Speaker Bio: Brian Gregor is a senior transportation analyst for the Oregon Department of Transportation (ODOT) where for the past 15 years he has worked on a variety of transportation and land use modeling and analysis projects. He is the principal developer of the GreenSTEP and Land Use Scenario DevelopeR (LUSDR) models. He has also worked on the development and application of Oregon's Statewide Integrated Model (SWIM), lead the automation of ODOT's modeling processes...

Read more
Nov 24, 2014

The video begins at 2:09.

Abstract: The ability to fully understand and accurately characterize freight route choice is one that will support freight modeling frameworks, and regional and state transportation decisions. This ability, when combined with regional and state commodity flow data, can compose an effective statewide freight modeling framework. Typically, transportation network models take a shortest path assumption for truck routing both for strategic and operational routing decisions. The goal of this research was to determining how different subgroups of shippers, carriers, and receivers make route choices, and to understand how these approaches vary across types of routing decisions. We consider route changes of both a spatial and temporal manner. This talk presents the results of a survey of over 800 shippers, carriers, and receivers in Washington State, and recommends a framework for improving the modeling of routing decisions in existing network models.

Speaker Bio: Professor Anne Goodchild has worked and studied in the transportation field for more than 15 years. Her initial experience in management consulting for transportation providers was followed by the completion of a PhD at UC Berkeley and research experience while developing the freight transportation program at the University of Washington. In addition to a BS in mathematics and an MS and PhD in Civil Engineering, Dr....

Read more
Nov 24, 2014

The video begins at 0:52.

Abstract:  This seminar concludes the eight week exploration of transportation models and decision tools with a look to the future. Oregon is known for its history of forward thinking policies around sustainable transportation, including linking land use and transportation planning at the regional level, investments in transit and non-motorized modes, and statewide legislation to reduce greenhouse gas emissions. To aid these transportation planning and policy decisions, Oregon has developed some of the most sophisticated models and analytic tools currently in use in the United States. As Oregon moves forward to address the next set of challenges - energy security, climate change, economic constraints and equity, models will need to provide new information at different spatial and temporal scales to support long range planning - 30 to 50 years out - as well as near term decisions - 1 to 5 years ahead. Beth Wemple, a Portland-based consultant with Cambridge Systematics, will share her view on Oregon's transportation future. Keith Lawton, consultant and former transportation planner at Metro, will respond by discussing the next steps for model development and application needed to support this agenda.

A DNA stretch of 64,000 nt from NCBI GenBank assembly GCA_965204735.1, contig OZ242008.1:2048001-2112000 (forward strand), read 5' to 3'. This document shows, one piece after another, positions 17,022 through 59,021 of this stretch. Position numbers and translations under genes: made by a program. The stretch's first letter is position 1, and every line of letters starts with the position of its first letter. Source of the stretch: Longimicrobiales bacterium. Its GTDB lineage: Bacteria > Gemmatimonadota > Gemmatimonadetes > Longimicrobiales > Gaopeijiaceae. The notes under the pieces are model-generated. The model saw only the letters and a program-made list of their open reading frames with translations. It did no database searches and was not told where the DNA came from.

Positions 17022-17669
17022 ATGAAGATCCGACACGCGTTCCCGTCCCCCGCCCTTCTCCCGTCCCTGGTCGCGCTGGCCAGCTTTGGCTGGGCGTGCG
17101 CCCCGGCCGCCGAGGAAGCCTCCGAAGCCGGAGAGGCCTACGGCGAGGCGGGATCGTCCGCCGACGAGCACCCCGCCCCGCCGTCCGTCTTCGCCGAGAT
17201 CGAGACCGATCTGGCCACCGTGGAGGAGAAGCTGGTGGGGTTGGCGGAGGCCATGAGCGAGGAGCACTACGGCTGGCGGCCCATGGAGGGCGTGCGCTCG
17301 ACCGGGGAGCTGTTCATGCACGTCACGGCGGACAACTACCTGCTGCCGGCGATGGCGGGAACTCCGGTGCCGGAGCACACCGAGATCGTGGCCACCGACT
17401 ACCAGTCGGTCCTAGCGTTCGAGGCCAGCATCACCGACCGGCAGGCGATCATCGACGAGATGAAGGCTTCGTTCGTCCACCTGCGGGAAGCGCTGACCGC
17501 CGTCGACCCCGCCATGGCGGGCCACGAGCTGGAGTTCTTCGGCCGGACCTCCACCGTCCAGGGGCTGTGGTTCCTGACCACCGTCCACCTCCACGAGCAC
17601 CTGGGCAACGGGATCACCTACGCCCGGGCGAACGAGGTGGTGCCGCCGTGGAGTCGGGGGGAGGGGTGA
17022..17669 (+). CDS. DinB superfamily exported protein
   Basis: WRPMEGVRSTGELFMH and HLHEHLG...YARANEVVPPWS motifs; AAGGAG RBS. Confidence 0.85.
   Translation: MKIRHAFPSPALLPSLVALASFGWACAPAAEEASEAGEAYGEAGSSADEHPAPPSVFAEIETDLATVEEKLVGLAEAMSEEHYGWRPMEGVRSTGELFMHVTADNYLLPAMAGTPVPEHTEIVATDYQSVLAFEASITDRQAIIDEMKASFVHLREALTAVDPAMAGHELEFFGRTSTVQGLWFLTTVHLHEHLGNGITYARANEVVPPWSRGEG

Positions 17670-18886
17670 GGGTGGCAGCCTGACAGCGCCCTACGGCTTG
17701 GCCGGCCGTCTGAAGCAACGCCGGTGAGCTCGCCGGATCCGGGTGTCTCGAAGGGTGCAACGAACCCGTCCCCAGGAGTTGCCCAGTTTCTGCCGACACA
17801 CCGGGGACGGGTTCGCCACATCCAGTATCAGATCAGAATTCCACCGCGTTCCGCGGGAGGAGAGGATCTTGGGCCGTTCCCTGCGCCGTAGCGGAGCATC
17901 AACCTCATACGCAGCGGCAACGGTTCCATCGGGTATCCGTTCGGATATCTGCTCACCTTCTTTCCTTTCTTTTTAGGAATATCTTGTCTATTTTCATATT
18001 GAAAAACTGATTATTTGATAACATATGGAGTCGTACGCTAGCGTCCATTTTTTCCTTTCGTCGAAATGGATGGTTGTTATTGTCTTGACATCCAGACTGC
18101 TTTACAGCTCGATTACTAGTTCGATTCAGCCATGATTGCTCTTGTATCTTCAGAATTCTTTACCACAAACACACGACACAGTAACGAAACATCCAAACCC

Speaker Bio: Keith Lawton is a transport modeling consultant and past Director of Technical services, Metro Planning Department, Portland, OR. He has been active in model...

Read more
Nov 21, 2014

The video begins at 1:34.

View slides

Abstract: The combination of increasing challenges in administering household travel surveys as well as advances in global positioning systems (GPS) and geographic information systems (GIS) technologies motivated this project. It tests the feasibility of using a passive travel data collection methodology in a complex urban environment, by developing GIS algorithms to automatically detect travel modes and trip purposes. The study was conducted in New York City where the multi-dimensional challenges include urban canyon effects, an extremely dense and diverse set of land use patterns, and a complex transit network. Our study uses a multi-modal transportation network, a set of rules to achieve both complexity and flexibility for travel mode detection, and develops procedures and models for trip end clustering and trip purpose prediction. The study results are promising, reporting success rates ranging from 60% to 95%, suggesting that in the future, conventional self-reported travel surveys may be supplemented, or even replaced, by passive data collection methods.

Speaker Bio: Cynthia Chen is an associate professor in the department of civil and environmental engineering at the University of Washington. She obtained her Ph.D in civil and environmental engineering from...

Read more

Pages